Many NHL fans are in the midst of the lockout blues, trying to cope with the recently canceled preseason games and inevitable cancelation of upcoming regular season games, watching their favorite players sign with clubs overseas, and force feeding themselves KHL highlights featuring a bevy of exported (some re-imported) NHL talent to give themselves some kind of a hockey fix.
Meanwhile, the NHL and NHLPA continue to agree on nothing in negotiations and Wayne Gretzky's optimism that the NHL season will begin January 1 is beginning to look more and more like the Great One seeing the world through rose colored glasses (he is of course permitted to do this, because he is Wayne Gretzky and we are not).
The hockey media continues to come up with unrealistically simplistic ways to resolve the lockout (soft cap? replacement players?) and admonish both the players (here as well) and owners for their uncompromising stances and for perceived flaws or inconsistencies their positions.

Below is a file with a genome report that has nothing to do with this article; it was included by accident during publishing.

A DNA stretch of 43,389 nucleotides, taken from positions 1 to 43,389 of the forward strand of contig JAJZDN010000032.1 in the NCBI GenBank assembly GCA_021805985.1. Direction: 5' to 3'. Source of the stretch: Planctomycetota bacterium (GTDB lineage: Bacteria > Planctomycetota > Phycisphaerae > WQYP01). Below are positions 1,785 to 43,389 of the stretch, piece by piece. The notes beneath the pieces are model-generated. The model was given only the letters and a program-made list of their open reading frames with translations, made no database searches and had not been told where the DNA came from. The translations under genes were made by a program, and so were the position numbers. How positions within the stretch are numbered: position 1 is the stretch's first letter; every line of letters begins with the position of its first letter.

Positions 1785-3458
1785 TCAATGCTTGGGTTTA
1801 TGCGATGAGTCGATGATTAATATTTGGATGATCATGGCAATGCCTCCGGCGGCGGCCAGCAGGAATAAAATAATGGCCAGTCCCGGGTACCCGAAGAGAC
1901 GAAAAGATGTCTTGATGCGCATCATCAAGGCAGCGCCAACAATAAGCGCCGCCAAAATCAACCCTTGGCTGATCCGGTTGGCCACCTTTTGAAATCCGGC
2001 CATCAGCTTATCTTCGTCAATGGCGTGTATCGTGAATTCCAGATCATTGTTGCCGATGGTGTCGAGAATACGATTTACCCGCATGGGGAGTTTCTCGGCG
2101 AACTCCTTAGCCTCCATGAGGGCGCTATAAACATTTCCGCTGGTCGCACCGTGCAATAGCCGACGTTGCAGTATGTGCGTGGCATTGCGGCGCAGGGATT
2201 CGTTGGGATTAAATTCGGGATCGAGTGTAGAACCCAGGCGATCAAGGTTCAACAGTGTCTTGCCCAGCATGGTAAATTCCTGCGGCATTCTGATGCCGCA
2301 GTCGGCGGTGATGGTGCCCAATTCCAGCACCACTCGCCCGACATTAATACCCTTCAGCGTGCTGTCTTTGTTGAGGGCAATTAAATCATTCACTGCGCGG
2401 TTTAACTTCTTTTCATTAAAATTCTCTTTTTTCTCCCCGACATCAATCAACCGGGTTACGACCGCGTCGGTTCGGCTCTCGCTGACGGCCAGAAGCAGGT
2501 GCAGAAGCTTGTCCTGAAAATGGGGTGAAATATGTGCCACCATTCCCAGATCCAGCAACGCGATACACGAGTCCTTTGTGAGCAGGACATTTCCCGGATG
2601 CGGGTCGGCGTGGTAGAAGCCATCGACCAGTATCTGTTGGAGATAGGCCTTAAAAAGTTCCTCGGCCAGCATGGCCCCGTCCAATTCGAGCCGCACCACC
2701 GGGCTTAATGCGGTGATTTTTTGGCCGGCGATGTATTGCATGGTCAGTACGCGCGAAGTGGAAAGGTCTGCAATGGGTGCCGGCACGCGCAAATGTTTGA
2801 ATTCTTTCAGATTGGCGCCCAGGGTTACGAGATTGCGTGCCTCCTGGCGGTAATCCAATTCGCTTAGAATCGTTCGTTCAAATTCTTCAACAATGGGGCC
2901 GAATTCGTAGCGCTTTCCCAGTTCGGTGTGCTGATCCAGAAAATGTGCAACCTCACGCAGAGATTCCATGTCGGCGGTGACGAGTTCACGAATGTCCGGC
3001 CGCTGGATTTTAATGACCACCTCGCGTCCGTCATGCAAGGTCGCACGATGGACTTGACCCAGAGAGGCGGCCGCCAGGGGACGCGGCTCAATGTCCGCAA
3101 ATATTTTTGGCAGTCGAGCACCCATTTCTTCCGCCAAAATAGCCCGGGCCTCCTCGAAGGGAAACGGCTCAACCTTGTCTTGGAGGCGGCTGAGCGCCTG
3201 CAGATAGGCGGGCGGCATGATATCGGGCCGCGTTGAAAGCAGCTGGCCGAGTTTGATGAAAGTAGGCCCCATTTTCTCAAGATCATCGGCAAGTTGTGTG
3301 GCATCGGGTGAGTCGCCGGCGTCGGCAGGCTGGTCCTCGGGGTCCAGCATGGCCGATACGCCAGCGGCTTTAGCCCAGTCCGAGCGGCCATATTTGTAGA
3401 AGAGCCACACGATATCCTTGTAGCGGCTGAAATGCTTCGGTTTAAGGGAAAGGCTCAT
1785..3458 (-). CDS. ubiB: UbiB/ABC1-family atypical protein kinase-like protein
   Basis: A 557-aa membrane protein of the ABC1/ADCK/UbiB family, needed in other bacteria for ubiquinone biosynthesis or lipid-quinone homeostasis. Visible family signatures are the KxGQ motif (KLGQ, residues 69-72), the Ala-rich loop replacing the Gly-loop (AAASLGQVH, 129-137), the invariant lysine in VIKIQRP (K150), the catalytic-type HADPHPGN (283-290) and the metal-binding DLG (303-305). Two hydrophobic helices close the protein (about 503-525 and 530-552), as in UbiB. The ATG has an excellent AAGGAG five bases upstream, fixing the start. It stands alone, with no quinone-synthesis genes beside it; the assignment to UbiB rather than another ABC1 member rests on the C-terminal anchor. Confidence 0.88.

While both sides maintain their pre-lockout postures, the economic ramifications of the lockout are starting to become very real. The NHL has confirmed that as a result of the cancelation of the pre-season games, the league lost approximately $100 million in revenue. Teams across the league have been letting go of their staff and the NHL cut its staff's salaries by 20%. Today, the Wall Street Journal reports that if the season were canceled in its entirety, Canada would lose .1% of its GDP, which doesn't sound like much, but when the Bank of Canada is expected to grow at only 2.1% this year, it would be a significant loss.
It is currently Day 18 of the lockout, and from all outward signs it appears little has changed from Day 1.Tags: Law, NHL, Sports, Sports Law
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